Chronic conditions are a true “epidemic” in the U.S. More than half of all adults have at least one chronic condition (with many patients having multiple). Experts estimate that around 70 percent of deaths each year are related to a chronic condition, accounting for 86 percent of our nation’s healthcare costs. Unfortunately, around 25 percent of doctors say they’re not well equipped to care for patients with multiple chronic illnesses.
Guess what? I am one of those 117 million Americans! I was diagnosed with an auto-immune disease a couple of years ago. What a ride it has been since then. Visiting multiple doctors. Different prescriptions. Managing my pain. It’s been overwhelming. It has also helped me gain a better understanding of just how hard it must be for my doctor to help every single patient like me in a timely, effective manner.
So how can doctors support and care for patients with chronic conditions efficiently and cost-effectively?
1. Improve care coordination—With my chronic condition, I see multiple doctors—from my rheumatologist to my ophthalmologist to my general practitioner and more. I have seen firsthand just how difficult it is to create efficient coordination between the different specialists. And yet, communication and care coordination between health care providers is essential to good health outcomes. One great way to improve communication is by using a tool such as SBAR (Situation-Background-Assessment-Recommendation) to make interactions between different teams more effective. Originally developed for the Navy, SBAR is now used extensively by healthcare offices as well. It's easy to see why it is so popular - a recent study found that using SBAR reduces communication errors between care teams from 31 percent to just 11 percent. If SBAR is not for you, go ahead and pick some sort of method or tool that works for you. The key is to have a plan and not just fly by the seat of your pants every time you need to communicate with another practice.
2. Target patient education—Studies show that educating a patient on their illness can have a significant impact on their care. As you send information and tips to patients on how to manage their care, they have fewer complications. I know that when I am being good about following my doctor’s instructions that I have fewer flare ups and less pain. The best educational interventions will be targeted specifically to different illnesses. I recommend choosing the 3-4 most common conditions that are common in your practice and starting educational campaigns directed towards those specific diseases. Send regular newsletters with tips for managing the disease. For example, if you have a large number of patients with asthma, you can send information on how to use inhalers and information on prescribed corticosteroids. You can send reminders to monitor conditions from home and let them know when they should be seen. There are lots of pre-made newsletter formats that can have info already put together that you just need to send out.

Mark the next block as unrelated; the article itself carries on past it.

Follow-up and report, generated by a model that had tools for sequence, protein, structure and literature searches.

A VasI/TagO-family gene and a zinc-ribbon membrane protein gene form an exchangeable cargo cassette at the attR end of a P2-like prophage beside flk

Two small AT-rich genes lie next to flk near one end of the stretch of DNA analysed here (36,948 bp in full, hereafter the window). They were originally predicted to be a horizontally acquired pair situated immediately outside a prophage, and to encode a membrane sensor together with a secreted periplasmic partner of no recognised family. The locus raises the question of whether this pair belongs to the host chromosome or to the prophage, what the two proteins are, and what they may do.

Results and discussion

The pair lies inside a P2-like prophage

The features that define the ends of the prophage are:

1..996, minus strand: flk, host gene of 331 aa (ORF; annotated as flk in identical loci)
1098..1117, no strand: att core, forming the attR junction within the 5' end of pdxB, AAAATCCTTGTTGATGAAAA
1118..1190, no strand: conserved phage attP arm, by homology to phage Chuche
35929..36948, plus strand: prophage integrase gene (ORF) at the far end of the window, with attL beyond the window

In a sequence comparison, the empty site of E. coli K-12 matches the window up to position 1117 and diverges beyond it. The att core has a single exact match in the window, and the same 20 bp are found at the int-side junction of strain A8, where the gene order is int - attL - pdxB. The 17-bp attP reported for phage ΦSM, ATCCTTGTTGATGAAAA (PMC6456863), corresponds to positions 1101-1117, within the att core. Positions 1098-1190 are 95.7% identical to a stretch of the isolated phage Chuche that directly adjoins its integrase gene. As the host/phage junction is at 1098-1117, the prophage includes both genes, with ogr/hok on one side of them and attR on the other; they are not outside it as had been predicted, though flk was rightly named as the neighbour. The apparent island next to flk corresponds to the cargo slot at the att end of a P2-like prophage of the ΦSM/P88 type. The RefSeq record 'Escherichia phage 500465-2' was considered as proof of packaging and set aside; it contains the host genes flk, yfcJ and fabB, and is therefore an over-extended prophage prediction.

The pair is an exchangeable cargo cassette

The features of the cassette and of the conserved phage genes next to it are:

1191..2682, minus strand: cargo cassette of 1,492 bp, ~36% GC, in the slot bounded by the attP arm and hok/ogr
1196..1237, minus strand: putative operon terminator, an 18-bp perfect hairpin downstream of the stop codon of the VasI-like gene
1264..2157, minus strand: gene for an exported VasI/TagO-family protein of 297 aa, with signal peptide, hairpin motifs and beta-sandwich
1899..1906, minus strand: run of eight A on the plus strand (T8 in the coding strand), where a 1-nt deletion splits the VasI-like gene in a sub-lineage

3. Implement automated communication—Technology is the best friend of chronic care management. It has been proven to improve both the quality of care and health outcomes of patients. In addition, using automated technology can reduce costs for both patients and practices. For me, I feel like most of the time I am 100 percent responsible for making sure I get the care I need. I am the one to schedule appointments as needed. If I don’t get an appointment scheduled, no one is there to make sure I get in (except my husband!). Studies show that of patients admitted to the hospital with a chronic disease, nearly one in three had no contact with health care professionals after discharge. Subsequently, nearly 20 percent were readmitted within 30 days. Using an automated system to send off reminders to schedule follow-up appointments or other instructions can reduce the number of complications your patients experience.
Want some ideas for your educational efforts? Read our new checklist, "7 Ways to Create Effective Educational Drip Campaigns."